On Broadway John received a Drama Desk nomination for his orchestrations for Bonnie & Clyde, and that same year he was musical director and conductor of Catch Me If You Can. His other Broadway credits include producer and musical supervisor of Brooklyn: The Musical, and musical director/supervisor/arranger of Annie Get York Gun, Grease, Taboo, Patti LuPone on Broadway and Company—The Original Cast in Concert at Lincoln Center. He won a Grammy Award as a producer of the Annie Get Your Gun cast album.
Beyond Broadway, John wrote the arrangements for the national tour of Happy Days: A New Musical and Pirates! at the St. Louis Muny, and he conducted Daughter of the Regiment at the Opera Theatre of St. Louis. John has been music director & arranger for concert appearances with such stars as Cab Calloway, Shirley MacLaine, George Burns, Tyne Daly, Joel Grey, Betty Buckley and most recently, Bette Midler. He has been a guest conductor at many orchestras, including the San Francisco, Indianapolis, Colorado, Baltimore and St. Louis symphonies. John has released several solo CDs, including the most recent, John McDaniel Live at Joe’s Pub. A native of St. Louis, he holds a BFA in Drama from Carnegie Mellon University. His website is johnmcdaniel.com.
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Nancy Anderson made her Broadway debut as Mona in A Class Act, and played Helen and Eileen in the revival of Wonderful Town. She was seen on PBS “Great Performances” as Lois/Bianca in the London production of Kiss Me Kate, earning her an Olivier Award nomination, and in South Pacific in Concert at Carnegie Hall, starring Reba McIntyre. She has appeared Off-Broadway in Far From Heaven at Playwrights Horizons and starring roles in Jolson & Co and Fanny Hill, plus all the female roles in Yank! at the York Theatre, among others. A frequent guest at Town Hall’s Broadway by the Year series, she returns in February for “The Broadway Musicals of 1916–1940.”
This past December Nancy was the Vocalist in The Tempest at the Shakespeare Theatre in Washington DC, directed by her husband, Ethan McSweeny. Last September she played Sukie in Witches of Eastwick at the Ogunquit Playhouse, and during the summer she appeared in The Cottage at Theatre Aspen. Her many other regional credits include the title role in Peter Pan, Ilona in She Loves Me and Gloria in Damn Yankees at the Paper Mill Playhouse; and Side By Side By Sondheim at the Signature Theater in Virginia, earning her a Helen Hayes Award nomination.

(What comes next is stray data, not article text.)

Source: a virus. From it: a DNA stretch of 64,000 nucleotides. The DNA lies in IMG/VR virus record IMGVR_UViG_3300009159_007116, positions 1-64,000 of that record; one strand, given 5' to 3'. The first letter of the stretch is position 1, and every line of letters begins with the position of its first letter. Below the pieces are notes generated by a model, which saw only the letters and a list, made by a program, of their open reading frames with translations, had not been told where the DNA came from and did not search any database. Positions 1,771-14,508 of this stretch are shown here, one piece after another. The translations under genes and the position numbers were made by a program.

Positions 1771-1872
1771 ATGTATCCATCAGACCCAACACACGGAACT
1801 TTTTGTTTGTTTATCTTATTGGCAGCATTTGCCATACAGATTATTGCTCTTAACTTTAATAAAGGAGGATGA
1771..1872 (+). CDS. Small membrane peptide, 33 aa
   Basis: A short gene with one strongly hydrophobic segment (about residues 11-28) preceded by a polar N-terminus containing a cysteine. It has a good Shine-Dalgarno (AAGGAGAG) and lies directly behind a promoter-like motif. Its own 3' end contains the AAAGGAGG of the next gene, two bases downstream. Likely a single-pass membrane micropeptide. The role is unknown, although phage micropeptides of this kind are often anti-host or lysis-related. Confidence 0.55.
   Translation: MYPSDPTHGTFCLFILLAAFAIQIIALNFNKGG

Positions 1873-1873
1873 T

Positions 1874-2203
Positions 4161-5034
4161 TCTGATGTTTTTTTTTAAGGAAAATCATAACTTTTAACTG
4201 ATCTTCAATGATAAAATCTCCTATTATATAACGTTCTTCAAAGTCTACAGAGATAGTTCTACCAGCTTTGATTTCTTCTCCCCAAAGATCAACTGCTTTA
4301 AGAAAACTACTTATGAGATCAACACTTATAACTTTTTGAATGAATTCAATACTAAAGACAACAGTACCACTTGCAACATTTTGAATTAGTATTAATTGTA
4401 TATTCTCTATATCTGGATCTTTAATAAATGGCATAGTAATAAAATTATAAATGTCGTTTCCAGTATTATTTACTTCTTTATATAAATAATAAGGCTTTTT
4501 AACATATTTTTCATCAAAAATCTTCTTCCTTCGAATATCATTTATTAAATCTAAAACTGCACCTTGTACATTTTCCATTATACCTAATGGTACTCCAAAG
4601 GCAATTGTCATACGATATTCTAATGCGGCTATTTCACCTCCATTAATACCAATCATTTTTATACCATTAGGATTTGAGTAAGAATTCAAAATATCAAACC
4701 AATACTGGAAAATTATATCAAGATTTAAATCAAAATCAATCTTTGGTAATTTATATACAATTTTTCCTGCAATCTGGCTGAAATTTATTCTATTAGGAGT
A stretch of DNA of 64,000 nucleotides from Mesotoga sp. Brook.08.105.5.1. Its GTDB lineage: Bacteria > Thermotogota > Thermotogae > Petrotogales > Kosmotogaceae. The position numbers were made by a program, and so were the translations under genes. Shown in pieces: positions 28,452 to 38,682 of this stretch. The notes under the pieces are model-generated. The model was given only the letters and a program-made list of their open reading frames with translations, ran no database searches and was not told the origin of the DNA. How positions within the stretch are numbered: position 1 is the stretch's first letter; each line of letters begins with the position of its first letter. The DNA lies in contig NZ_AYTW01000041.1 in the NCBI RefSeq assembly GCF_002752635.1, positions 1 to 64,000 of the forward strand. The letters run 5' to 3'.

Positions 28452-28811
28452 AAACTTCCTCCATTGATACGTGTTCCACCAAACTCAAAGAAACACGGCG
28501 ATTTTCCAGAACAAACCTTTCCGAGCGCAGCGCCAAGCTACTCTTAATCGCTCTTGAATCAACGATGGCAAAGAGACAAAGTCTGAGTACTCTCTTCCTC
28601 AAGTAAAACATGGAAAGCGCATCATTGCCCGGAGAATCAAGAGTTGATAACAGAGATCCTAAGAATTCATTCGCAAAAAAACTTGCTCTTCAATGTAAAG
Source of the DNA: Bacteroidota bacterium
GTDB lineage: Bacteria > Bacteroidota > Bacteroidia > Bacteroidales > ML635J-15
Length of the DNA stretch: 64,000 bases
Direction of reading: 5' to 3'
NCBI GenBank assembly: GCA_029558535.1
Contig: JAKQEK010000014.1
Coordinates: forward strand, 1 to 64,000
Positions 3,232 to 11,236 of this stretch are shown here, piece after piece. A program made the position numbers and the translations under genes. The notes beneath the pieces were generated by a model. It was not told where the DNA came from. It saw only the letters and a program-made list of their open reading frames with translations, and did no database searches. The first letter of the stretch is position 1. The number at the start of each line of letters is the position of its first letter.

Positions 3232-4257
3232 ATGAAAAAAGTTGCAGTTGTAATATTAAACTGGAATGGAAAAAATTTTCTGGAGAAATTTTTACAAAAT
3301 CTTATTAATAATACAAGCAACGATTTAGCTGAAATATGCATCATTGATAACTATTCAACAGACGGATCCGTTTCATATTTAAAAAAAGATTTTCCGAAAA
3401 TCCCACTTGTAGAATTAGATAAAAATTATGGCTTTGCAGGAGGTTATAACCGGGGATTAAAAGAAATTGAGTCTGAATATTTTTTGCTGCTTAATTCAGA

Nancy was the 2011 winner of the Noël Coward Cabaret Award Competition. She sings with Vince Giordano’s Nighthawks, the Bob Hardwick Sound, and Ross Patterson and His Little Big Band, and her debut album, Ten Cents a Dance, is an homage to the Depression-era songs of the 1930s. Her website is nancyanderson.name.
Photo: Lee Cherry
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Andréa Burns has just completed her run playing the starring role of Judy Holliday, to much critical acclaim, in the world premiere of Smart Blonde by Willy Holtzman at Pittsburgh’s City Theatre. She co-starred with Nathan Lane in Douglas Carter Beane’s Broadway play, The Nance, which was recently broadcast on PBS’ “Great Performances”. Andréa is a Drama Desk winner, having originated the role of Daniela, the saucy Latina hairdresser, in the original Broadway company of In the Heights. She has also appeared on Broadway as Belle in Disney’s Beauty and the Beast, Vicki Nichols in The Full Monty and the Roundabout Theatre revival of The Ritz.
Off-Broadway, Andréa was in the original company of Jason Robert Brown’s renowned Songs for a New World, and she created the role of Celeste in Stephen Sondheim’s Saturday Night at Second Stage Theatre. She appeared as Lucille Frank in the national touring company of Parade, directed by Harold Prince, and received a Joseph Jefferson Award nomination for best actress for her portrayal of Dot in Sunday in the Park with George at the Chicago Shakespeare Theater. Other recent regional credits include Diana in Next to Normal at the Hangar Theatre in Ithaca.
Andréa’s debut solo album, A Deeper Shade of Red, received tremendous praise and is available on iTunes. She appeared on the Billboard Hot Dance Club Play charts with “100 Stories,” a dance single she co-produced with her brother Mike Burns. Her film and television credits include the upcoming Akron, “The Electric Company,” “Law & Order: SVU,” “Rescue Me” and “Smash.”
Photo: Beau Alluli
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Making her Lyrics & Lyricists debut, Cady Huffman won Tony, Drama Desk and Outer Critics Circle awards for her performance as Ulla in The Producers. She received an Outer Critics Circle nomination for Douglas Carter Beane’s The Nance, which was broadcast on PBS “Great Performances,” and she received a Tony nomination for The Will Rogers Follies. Her other Broadway credits include Steel Pier, Dame Edna: The Royal Tour, the original La Cage aux Folles and Bob Fosse’s last original musical, Big Deal. She was most recently seen in New York this past fall in the Icelandic indie-rock musical, Revolution in the Elbow of Ragnar Agnarsson, Furniture Painter, at the Minetta Lane Theatre.
Cady has had recurring roles in HBO's “Curb Your Enthusiasm,” where she almost became Larry David's 10th anniversary present; “The Good Wife” and “One Life to Live.” She has been a guest on “Law & Order: SVU,” “Law & Order: Criminal Intent,” “Frasier” and “Mad About You.” She served as a judge at the Food Network's kitchen stadium on “Iron Chef America” for ten consecutive seasons. On the big screen Cady appeared in The Company Men, Romance & Cigarettes and The Nanny Diaries, as well as numerous independent films. She also produced and starred in the film festival favorite, Sunday on the Rocks.
Cady often lends her talents and resources to several charitable causes. As an advocate for the arts, she has traveled to Washington to speak to senators and congresspersons and has spoken on several panels focusing on the arts and first amendment rights. Her website is cadyhuffman.com.